“I got hurt at the end of the 11th game, we were playing Alice [next, but] I hurt my knee,” Zapalac said. “I was going to punt, that was all I was going to do, but I wanted to try to sneak into play, but he wouldn’t tape my knee [so I could play] and told me I wasn’t ready to play. This was at a time when this season was the biggest thing for his career. I’ll always admire him for that. He wouldn’t sacrifice someone else’s injury for his own gain; he was a special guy.”

He also had a special knack for motivating his players. On the eve of the team’s district finale against upstart Reagan High School, only in its second year of playing varsity football, Shiflet reminded his team that it had not been scored upon in district play.


“No one had really paid attention to statistics in those days,” Zapalac said. “But we were unscored on in the district, no one had scored on us, and Coach Shiflet just happened to mention it that week at practice, and at the game they got inside to the 20 on us, just because he had brought it up during practice. We won 23-0 and it probably wasn’t as much of an incentive to create stops if we had not known that fact.”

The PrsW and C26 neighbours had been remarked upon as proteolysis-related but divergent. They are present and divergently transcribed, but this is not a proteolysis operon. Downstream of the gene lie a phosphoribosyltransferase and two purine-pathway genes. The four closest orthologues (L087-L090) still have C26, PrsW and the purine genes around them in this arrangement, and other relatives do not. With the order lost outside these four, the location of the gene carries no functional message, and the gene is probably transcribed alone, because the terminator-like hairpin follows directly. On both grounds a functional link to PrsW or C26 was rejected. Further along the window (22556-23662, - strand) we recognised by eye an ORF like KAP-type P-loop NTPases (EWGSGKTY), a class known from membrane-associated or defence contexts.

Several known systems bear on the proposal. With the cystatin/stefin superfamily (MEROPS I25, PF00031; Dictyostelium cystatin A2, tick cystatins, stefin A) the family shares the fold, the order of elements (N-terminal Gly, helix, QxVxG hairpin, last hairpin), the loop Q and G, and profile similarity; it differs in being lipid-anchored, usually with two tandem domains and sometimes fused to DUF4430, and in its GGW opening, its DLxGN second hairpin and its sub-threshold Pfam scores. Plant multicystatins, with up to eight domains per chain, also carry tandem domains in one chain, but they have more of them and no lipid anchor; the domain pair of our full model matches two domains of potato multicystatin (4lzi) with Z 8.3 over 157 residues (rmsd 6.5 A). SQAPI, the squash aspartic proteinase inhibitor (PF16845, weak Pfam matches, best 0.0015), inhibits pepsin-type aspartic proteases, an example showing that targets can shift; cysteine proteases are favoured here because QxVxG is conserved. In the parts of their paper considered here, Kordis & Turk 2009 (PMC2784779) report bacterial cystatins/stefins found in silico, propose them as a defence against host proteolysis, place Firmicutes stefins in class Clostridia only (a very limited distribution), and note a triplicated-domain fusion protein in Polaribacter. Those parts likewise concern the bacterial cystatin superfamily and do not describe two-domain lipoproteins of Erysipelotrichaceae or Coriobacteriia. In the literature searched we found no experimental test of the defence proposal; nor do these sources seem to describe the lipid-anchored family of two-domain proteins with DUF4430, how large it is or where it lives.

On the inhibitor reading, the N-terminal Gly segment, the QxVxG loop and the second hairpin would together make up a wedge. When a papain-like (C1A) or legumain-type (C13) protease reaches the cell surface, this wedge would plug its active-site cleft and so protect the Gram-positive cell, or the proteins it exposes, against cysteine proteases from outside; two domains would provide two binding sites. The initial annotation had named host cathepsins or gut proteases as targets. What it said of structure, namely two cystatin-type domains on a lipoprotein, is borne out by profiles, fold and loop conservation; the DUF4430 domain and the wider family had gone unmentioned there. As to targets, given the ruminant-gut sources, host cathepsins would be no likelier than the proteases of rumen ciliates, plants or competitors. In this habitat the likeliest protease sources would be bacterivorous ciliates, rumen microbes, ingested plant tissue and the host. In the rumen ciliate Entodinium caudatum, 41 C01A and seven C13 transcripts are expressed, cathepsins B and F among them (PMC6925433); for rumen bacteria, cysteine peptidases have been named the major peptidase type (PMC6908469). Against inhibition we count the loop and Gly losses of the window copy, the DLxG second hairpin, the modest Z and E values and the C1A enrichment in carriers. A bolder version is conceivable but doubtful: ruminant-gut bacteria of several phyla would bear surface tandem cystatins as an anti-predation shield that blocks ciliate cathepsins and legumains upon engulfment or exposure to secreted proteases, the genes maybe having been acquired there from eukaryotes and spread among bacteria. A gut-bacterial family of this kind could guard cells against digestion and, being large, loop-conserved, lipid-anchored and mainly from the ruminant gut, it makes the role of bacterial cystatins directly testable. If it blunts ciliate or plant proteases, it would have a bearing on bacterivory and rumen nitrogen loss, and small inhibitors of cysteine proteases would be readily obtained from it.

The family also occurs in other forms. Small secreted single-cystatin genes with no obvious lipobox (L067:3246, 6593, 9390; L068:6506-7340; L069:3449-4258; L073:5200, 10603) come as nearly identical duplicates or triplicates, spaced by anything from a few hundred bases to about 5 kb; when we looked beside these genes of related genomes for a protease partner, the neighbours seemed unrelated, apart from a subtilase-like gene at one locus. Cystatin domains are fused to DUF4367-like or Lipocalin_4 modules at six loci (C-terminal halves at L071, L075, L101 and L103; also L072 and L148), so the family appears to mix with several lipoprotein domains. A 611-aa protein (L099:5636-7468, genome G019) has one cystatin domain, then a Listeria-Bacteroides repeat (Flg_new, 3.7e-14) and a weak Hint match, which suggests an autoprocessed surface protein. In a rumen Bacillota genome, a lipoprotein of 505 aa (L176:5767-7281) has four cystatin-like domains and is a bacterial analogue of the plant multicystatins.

The closing series of the game revealed how motivated Shiflet was to put the last goose egg up on the board.

“We had the game in hand, but they were getting ready to score down there,” Dodgen recalled. “They’re down on about our 3-yard line, and coach put some of the bigger guys,” said Dodgen, who entered the game at linebacker. “We were running a goalline defense, which was an 8-man, everybody had a gap. All I did was stuff a hole, and then [suddenly]  I saw this ball go rolling past me into the end zone. And here’s Daz falling on the ball in the end zone to snuff out that drive. I was sure happy to see David fall on that ball because I didn’t want to see a 7 go up in the last game. After that, we had pretty much under control.”

After the Reagan game, the Knights were headed to playoffs and, according to Zapalac, it was one of the proudest moments of the season.

“We didn’t make playoffs the season before, and getting to playoffs was a big deal,” Zapalac said. “At the time we were ranked No. 2 in the state. I think we started at No. 8, and each week we would inch up as other teams got beaten.”


The district was organized into two zones, and only one team from each zone made the playoffs. The first round of the playoffs was essentially a district championship game between the two zone champions. To advance to the state championship game back then, a team would have to win three games.  The fourth game of the playoffs would be the title game.  Zapalac’s perfect season was cut short, however, during the team’s district championship win in its first playoff game versus Cleburne.